(don’t worry, it’s not Joe Lieberman)
Josh recently wrote about Joe Lieberman and his obnoxious but courageous stands on principle, and I’d like to present the story of maverick voting at a different angle about another Senator who is also famous for voting on principle while maintaining, and even increasing, his political capital. No, I’m not talking about John McCain. I’m referring to his buddy, my favorite current Senator, Russ Feingold (D-WI).
His backstory, for which I rely completely on Wikipedia, is utterly charming. In his first Senate campaign, he promised to keep his children enrolled in public schools in Middleton, Wisconsin; and rely on Wisconsin citizens for the majority of his campaign donations. In 1998 he capped his campaign spending at $3.8 million, $1 for each Wisconsin resident. In 2004, he raised $11 million, but records showed that over 90% came from individuals, the average contribution was $60 (though I’d like to know the median), and the majority, again, came from Wisconsin residents. He holds town hall “Listening Sessions” in each county of his state, every year. He once demonstrated in a TV spot that he had no skeletons in his closet by… showing video footage of his closet.
Despite having impeccable liberal credentials, Senator Feingold is also a self-styled maverick who hangs out with John McCain and is, more importantly, unafraid to vote against his party. He recently voted against a $1.1 trillion federal spending package–one of only three democrats to do so. He also voted against the Women’s Health Amendment to the healthcare bill that would require insurance companies to offer free mammograms and other preventive services to women. He voted “on principle” in each case, because he believes in the urgency of controlling spending and reducing the national debt. Both, and perhaps more clearly the latter, were politically damaging and complete lost-causes–both bills passed with or without his support. Yet he is also famous for making the ultimate votes against public opinion in a losing cause–he was the only senator to vote against the Patriot Act and one of only 21 Democrats who voted against Bush’s war in Iraq.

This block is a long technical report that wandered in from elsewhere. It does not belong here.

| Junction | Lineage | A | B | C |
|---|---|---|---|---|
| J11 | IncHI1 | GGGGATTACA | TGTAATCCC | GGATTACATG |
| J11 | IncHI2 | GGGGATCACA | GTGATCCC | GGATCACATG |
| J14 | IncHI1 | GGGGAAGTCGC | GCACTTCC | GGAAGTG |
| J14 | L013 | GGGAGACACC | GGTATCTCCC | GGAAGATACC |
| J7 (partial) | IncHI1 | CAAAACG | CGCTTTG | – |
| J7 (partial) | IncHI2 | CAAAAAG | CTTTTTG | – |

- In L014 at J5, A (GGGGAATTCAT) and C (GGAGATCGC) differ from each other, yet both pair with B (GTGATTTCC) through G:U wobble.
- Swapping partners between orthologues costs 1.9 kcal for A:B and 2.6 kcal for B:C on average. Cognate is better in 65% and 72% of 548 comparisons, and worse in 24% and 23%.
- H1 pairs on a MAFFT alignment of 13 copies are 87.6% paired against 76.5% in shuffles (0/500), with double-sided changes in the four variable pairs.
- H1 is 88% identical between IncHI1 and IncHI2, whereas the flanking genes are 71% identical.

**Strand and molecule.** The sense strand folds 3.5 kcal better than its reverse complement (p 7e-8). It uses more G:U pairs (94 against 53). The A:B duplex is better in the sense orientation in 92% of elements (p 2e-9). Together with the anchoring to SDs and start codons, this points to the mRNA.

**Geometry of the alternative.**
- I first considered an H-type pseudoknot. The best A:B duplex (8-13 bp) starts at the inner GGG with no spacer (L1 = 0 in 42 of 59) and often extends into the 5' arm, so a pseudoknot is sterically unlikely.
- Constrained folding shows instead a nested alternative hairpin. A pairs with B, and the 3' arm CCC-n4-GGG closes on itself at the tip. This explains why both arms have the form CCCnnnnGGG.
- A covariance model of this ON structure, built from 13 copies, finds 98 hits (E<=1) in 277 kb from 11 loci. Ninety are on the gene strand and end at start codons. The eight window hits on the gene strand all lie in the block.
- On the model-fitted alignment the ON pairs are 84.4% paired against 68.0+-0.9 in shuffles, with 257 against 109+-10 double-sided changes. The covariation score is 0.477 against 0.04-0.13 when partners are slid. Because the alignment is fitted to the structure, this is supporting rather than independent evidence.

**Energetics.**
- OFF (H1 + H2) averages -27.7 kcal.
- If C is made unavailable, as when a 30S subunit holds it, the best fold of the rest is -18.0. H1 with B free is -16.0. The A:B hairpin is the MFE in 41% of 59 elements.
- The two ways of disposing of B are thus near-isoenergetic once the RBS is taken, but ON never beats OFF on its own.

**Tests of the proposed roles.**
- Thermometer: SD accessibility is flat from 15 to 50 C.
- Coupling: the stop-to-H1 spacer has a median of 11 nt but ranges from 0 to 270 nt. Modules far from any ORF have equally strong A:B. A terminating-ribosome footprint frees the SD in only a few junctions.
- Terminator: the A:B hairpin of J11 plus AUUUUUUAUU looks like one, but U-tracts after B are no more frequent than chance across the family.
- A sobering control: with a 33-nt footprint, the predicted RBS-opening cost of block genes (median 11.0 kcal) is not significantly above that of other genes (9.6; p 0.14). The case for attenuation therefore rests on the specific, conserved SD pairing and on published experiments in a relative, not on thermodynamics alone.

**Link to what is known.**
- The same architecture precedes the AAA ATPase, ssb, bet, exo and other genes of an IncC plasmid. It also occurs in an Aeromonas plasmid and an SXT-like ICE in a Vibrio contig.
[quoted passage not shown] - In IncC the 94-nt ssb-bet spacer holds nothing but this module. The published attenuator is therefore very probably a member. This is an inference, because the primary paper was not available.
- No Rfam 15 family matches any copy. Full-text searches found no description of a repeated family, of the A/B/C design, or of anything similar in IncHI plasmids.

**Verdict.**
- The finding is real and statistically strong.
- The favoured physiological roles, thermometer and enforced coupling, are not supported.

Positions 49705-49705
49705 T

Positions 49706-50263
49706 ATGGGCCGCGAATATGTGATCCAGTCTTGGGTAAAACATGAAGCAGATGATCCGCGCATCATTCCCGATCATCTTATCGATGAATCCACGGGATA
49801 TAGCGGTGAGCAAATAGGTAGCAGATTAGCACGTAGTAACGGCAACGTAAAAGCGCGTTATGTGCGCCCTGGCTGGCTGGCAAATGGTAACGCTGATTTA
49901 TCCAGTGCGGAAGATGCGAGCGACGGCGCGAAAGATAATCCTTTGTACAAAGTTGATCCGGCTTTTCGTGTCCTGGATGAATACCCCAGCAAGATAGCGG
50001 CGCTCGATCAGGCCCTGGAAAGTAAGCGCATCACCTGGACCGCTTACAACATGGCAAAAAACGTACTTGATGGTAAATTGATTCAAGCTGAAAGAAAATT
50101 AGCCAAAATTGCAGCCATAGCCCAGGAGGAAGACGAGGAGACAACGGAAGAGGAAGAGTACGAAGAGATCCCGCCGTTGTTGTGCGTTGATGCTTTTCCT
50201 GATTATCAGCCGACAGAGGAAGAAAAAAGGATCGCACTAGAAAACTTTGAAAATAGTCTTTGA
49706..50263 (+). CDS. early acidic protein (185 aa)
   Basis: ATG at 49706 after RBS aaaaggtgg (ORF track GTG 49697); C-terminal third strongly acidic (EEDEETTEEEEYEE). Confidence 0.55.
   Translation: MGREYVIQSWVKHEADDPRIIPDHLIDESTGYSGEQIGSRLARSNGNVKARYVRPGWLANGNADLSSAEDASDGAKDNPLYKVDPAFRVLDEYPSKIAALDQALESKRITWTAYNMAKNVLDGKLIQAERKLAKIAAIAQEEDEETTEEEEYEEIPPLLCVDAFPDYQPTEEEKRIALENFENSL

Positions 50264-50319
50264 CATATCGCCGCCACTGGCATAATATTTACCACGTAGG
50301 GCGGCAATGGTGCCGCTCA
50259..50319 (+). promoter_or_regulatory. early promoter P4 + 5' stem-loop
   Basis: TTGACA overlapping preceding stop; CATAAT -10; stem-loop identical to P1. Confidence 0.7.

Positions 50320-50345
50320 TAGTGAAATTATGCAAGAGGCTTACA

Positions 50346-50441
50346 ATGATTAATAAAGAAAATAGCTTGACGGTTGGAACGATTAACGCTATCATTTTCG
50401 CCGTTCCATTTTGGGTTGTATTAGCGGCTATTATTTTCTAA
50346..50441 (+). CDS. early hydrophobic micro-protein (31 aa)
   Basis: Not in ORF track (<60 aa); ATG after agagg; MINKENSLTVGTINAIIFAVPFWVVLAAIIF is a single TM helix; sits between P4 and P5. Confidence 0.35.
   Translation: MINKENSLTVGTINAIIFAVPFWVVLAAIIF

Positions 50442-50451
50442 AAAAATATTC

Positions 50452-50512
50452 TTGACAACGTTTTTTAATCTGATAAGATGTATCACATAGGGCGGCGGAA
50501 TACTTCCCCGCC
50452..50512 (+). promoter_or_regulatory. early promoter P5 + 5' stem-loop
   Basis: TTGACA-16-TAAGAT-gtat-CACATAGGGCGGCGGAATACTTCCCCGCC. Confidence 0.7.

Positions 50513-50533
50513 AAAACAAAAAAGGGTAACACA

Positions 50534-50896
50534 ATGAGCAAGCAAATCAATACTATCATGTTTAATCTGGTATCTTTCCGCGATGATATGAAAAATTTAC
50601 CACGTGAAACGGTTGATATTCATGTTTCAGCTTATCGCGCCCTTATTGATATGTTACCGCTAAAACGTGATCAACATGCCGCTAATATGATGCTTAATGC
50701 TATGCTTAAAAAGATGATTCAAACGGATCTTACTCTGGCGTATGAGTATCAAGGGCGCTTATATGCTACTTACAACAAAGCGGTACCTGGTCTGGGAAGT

To bring out the old yarn, a democracy succeeds because there is a competitive marketplace for the best ideas, and a plethora of ideas to choose from; change and competition can only exist when there are those willing to defy convention, buck the often irrational and shortsighted public bronco, and espouse their educated, considered, and sometimes minority principles. If we hoped for lawmakers to vote with public opinion all of the time, then we might as well get rid of representative democracy and start thinking of ways to accurately poll people instantaneously on every issue. Especially in a legislative setting where unanimity counts for no extra points and no one remembers tomorrow whether a vote is 61-39 or 62-38, I embrace the legislator who cares more about right and wrong than how he or she will perform in the next election. As Josh points out, too often are votes determined by a callous calculation of personal or local constituent benefit. Of course, the final judge is history. Mavericks like Sarah Palin and Joe Lieberman and now John McCain may be marginalized because they may have chosen positions that will eventually prove them foolish, and they could rightly be voted out of office as a result (and because of their inconsistency). But as Feingold’s record with Iraq and the Patriot Act shows, sometimes history can reveal the lone dissenter to be the one-eyed king. I happen to agree with some of Feingold’s politics, and more importantly I respect his intellectual honesty and political integrity, just as many supported the refreshing independence McCain 2000.
Keep fighting the good fight, Senator, and keep voting with your principles.